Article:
Gauntlet Hair. You read it right. That’s Gauntlet Hair. Gauntlet Hair is a band. They are probably the only band I can claim any sort of affiliation with, but, even then, only in the most tenuous, odd way. If you believe the internet, and who doesn’t, the name came from a thrift store employee in some big city suburb where band members Andy R & Craig Nice lived. I’ve been to that thrift store. I don’t know which one it is, but I have been to every thrift store or thrift store variant (flea market, antique store) in that town, so I have seen the place where the band found their name. It was a phrase used to try to describe Edgar Winter. Obviously, we’re as close as it’s possible to be with such a connection. We, the band and I, could talk about it for as long as it took, 15 or 20 seconds, filling the next minute with awkward silence.
But this is not about a name, it’s about the music produced by the band with that name. It’s much more important than mere identity. This is about music!
Gauntlet Hair’s sound is a little hard to grasp. With their heavy use of reverb/echo/delay, they sound a little like a hazy-sounding band playing at the opposite end of the largest aircraft hangar available. The result is not so much a wash of sound, but a constantly shimmering cloud, like the airborne water droplets at the bottom of Niagara Falls. Remove the hazy effects and they’d sound a lot like the Smiths with a harder beat and a (much) less whiny singer. But, when listening to Gauntlet Hair, you don’t have the choice to turn off the haze. You’re at the bottom of the falls, getting wet.
Their first, self-titled album released on the influential Dead Oceans label, is filled, start-to-finish with the haze. On “Mop it Up”, you can hear the guitars chiming and chirping from a vast cave while the vocals originate from a nearby sewer. Move to the next song, on “My Christ”, you can hear a slightly different sequence of the same chiming and the same voice, with slightly different rhythms coming from the same sewer pipes. Different rhythms mean, of course, different lyrics. What those lyrics are, I can’t tell you. I’m sworn to silence … or ignorance. By “Lights Out”, it has clearly become nighttime as a bass guitar rumbles up behind you to merge with what sounds like a gloomy synthpop cover song, but with another variant of chirping and sewer-vocals.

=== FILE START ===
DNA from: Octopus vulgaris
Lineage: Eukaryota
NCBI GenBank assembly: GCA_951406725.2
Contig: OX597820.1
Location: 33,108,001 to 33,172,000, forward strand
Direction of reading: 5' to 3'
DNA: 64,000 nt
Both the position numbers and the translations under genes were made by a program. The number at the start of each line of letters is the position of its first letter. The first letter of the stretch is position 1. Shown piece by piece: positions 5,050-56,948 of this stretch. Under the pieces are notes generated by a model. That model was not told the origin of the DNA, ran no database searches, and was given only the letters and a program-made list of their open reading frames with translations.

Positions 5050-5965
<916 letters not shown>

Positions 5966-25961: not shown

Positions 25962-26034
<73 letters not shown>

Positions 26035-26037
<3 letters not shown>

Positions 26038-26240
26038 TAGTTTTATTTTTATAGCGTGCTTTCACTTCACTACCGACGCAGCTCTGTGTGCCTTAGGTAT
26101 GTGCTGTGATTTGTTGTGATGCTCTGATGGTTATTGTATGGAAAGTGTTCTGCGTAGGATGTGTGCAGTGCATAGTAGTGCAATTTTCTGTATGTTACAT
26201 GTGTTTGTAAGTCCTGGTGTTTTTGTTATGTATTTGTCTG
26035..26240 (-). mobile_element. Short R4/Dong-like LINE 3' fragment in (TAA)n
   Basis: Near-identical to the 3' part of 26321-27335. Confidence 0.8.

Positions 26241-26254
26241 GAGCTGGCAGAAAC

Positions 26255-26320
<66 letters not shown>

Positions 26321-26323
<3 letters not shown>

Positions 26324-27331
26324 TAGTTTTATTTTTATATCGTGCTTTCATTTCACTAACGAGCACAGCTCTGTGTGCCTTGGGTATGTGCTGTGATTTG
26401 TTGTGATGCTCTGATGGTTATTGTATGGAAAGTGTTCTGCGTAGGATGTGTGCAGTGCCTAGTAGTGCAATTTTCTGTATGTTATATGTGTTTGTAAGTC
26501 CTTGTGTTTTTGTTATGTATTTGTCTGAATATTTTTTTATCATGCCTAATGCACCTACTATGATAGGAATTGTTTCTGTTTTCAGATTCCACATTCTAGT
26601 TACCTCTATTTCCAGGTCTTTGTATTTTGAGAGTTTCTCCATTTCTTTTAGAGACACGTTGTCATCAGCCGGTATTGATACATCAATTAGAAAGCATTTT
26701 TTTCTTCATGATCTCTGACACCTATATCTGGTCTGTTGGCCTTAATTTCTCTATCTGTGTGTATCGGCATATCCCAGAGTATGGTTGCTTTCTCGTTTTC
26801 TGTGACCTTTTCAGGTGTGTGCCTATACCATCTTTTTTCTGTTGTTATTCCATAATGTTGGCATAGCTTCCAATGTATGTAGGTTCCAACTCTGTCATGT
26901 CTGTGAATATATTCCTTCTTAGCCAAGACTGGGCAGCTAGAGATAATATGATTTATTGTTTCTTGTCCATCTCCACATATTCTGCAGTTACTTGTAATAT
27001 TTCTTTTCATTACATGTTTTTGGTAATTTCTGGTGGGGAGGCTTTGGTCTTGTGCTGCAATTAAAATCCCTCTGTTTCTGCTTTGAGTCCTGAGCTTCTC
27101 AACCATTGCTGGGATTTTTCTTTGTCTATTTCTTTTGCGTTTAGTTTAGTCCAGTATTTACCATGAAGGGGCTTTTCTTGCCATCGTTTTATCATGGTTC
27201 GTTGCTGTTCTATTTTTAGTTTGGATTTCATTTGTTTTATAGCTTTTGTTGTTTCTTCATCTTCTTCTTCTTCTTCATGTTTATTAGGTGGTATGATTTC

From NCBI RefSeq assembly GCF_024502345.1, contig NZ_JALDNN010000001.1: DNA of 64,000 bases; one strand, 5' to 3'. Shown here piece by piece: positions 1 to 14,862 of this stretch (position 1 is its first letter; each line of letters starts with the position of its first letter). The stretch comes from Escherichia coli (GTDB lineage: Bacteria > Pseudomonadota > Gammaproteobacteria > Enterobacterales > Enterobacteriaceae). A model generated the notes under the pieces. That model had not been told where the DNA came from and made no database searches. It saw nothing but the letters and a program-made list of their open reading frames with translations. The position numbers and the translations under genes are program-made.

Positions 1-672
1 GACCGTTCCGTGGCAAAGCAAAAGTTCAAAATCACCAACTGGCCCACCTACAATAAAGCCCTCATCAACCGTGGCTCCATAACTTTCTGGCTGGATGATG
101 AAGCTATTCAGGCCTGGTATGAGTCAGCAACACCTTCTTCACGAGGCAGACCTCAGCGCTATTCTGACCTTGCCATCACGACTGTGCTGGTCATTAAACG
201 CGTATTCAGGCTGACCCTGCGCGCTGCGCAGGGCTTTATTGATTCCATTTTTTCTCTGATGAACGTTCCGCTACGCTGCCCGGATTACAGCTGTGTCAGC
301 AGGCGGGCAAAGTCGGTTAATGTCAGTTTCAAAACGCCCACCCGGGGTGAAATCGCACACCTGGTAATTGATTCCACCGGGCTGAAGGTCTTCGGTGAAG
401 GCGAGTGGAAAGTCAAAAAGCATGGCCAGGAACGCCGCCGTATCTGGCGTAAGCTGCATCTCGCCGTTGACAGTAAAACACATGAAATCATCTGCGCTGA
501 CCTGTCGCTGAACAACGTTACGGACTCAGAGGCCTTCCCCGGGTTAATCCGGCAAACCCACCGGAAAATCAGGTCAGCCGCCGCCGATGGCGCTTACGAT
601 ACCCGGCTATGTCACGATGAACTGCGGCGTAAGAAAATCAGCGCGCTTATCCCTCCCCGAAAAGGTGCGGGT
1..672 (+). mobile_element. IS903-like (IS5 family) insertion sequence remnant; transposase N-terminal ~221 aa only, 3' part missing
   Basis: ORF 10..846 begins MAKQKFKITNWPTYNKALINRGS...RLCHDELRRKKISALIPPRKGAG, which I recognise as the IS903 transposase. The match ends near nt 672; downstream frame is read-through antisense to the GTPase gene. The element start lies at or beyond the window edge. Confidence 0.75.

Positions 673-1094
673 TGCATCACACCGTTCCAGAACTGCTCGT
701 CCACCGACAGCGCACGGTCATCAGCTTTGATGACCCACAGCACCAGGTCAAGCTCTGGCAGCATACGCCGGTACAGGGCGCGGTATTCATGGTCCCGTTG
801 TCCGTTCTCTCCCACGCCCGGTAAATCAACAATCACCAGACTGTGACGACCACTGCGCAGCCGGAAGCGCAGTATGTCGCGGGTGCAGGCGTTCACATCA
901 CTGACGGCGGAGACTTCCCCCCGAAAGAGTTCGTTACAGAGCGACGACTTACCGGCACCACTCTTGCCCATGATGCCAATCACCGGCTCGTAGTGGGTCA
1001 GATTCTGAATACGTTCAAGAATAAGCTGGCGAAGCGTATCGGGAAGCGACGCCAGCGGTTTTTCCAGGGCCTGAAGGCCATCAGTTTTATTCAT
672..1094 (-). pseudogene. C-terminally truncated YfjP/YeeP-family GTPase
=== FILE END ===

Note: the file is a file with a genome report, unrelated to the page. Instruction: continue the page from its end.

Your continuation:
OK, there’s nothing wrong with repetition. Nor is there anything wrong with most of an album sounding like a slight variation of the same song. There’s nothing wrong with that, unless you don’t like it. I’m not sure if I do. This album would be perfect background music for someone who can tolerate the medium distance beeping of a bulldozer backing up. If that doesn’t bother you, then the sometimes-piercing background noise of this album will perfectly suit a long work day; it’ll probably even assure your privacy. For me, I’d like to be able to differentiate songs a little more and be able to more clearly put the music in the foreground or background. Sure, each song starts with a different kind of noise, but, within 15 seconds, we’re back to cave/sewer. Even with that sameness, I think the album would be improved by at least a song-to-song variation in the mix. Maybe the chiming guitar could be featured here, the drums there, and the sewer pipe vocals in that other song. Also, let’s stop those rhythmic volume changes, permanently. It reminds me too much of the brake-accelerator rhythm of my grandfather just before he was too unsafe to drive — nauseating.
Despite whatever cruelty I dished out above, there are a few compelling songs and the album is worth consideration by fans of all things reverbed. In “That’s Your Call”, the drums join the singer in the sewer pipes and propel the song forward, past the more familiar mid-song sequences. In the closer, “Shout in Tongues”, the guitar escapes the reverb creating a kind of chug-chime that works well. I suppose there’s a limit to the reverb budget and, 9 songs in, most of it had been spent. Next time, cut the budget further. In any event, they’re kind of cute in a skinny-jeans wearing way.
So, yes, this is not the most enthusiastic review, but I am honestly looking forward to their next album, due out soon. I think Gauntlet Hair has discovered a nice noisy variation of more conventional indie rock. Hopefully, as they move forward, they can flesh it out more. If so, I predict they can reach the level of, say, Crystal Stilts, by being attentive thoughtful crafters of experimental noisy pop.
Meanwhile, I’ll swing by all the local thrift stores in search of other musical wisdom. If I don’t report back, look for me in the outdated opinions section, filed under ‘O’.